Time is an implacable enemy. I’ve fought this battle with time and its constraints for as long as I can remember. Which is, granted, not as far back as I once could remember, middle-age being what it is.

I feel certain that the things which require doing by me — jobs, projects, tasks, etc. — things which cannot be delegated, assigned or outsourced, would easily fill every waking moment of my time from now until my death, and possibly not be completed. And this is assuming I could STOP. Accrue nothing else to “the list,” reach a point of gaining momentum where I was scratching things off without the list lengthening.

This, of course, is impossible. The very enterprise of my life is a pointless farce, and yet I continue.

I have only recently learned that I have the privilege of continuing to pay for what I refer to as The Most Costly Vacation in History, a month-long trip to London, not taken by me, which has cost me not only thousands of dollars, but my relationship as well. And all I got was this lousy T-shirt. Tomorrow, whether I will or no, this trip will cost me another $1,400, drawn inexorably from an account as bare and overtaxed as Ma Hubbard’s cupboard.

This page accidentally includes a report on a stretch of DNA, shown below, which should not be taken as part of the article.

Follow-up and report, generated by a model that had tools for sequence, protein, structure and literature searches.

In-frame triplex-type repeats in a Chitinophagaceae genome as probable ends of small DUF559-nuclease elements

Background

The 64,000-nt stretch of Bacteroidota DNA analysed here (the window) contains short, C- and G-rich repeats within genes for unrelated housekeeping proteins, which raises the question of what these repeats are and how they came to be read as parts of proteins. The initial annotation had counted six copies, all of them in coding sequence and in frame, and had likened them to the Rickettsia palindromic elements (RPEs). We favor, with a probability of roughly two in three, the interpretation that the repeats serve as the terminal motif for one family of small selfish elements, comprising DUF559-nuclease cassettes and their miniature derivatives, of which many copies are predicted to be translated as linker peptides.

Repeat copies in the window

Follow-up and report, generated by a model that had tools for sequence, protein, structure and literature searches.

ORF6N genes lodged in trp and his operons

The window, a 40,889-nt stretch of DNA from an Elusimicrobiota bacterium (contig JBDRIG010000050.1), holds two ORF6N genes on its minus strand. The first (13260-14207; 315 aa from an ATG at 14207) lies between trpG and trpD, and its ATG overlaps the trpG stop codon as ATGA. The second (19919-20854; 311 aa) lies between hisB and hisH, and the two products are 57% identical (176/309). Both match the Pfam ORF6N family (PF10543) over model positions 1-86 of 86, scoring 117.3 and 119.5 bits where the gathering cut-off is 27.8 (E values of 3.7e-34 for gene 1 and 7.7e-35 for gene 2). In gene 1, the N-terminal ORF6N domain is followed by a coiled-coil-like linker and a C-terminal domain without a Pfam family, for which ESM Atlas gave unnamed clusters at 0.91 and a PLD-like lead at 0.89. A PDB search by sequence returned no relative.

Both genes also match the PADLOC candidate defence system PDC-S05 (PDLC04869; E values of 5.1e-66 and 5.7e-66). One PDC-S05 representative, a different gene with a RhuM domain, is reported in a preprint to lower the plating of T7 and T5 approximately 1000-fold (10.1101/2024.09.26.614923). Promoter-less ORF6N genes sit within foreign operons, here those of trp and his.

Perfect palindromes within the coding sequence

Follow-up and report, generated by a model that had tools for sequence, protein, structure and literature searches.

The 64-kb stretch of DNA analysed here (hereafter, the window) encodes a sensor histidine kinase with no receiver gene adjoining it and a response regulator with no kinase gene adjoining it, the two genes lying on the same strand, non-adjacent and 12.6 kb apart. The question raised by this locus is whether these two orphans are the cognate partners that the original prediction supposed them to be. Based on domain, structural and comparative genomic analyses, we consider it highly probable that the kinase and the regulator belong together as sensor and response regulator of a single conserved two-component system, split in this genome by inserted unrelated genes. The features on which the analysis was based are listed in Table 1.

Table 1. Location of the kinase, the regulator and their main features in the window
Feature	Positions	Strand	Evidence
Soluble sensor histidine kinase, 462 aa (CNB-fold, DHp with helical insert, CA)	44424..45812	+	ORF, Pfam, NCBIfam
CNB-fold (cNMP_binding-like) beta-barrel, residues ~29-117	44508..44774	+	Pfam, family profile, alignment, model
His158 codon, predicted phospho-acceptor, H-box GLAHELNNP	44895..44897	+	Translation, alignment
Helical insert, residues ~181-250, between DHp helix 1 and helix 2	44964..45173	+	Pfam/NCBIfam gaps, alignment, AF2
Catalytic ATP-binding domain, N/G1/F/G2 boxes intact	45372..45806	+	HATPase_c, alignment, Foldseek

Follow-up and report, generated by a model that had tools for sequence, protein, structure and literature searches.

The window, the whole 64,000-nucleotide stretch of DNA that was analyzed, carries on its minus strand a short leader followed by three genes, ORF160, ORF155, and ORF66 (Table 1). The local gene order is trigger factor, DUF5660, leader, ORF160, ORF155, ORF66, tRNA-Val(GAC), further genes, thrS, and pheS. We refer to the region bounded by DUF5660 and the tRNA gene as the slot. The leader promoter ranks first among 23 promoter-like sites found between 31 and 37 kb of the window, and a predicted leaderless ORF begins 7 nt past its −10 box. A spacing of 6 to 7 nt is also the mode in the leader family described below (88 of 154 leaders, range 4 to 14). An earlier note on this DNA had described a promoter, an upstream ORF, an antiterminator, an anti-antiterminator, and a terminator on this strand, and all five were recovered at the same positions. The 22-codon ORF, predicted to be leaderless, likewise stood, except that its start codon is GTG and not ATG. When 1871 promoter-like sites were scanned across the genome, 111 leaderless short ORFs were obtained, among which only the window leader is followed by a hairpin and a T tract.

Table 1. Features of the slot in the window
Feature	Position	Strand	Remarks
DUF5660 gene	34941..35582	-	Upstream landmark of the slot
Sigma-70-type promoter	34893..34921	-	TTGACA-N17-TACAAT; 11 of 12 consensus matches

And yet I continue.

Last night, I was able to escape for a time. I spent a lovely evening with a submissive in her 20s who seems to enjoy my company, and is young enough to find me “interesting” rather than “jaded.” This was made all the better because it occurred away from home base, which has lately come to be a living metaphor for all my loss and failure, one which I spend my days occupying.

But escape is a transitive state, and we can only run away so far, and for so long. So here I am. I’m not normally one to allow myself the luxury of catalepsy; but today, this afternoon, for just now, I’m welcoming the paralysis.

And then I’ll continue.

As I do.

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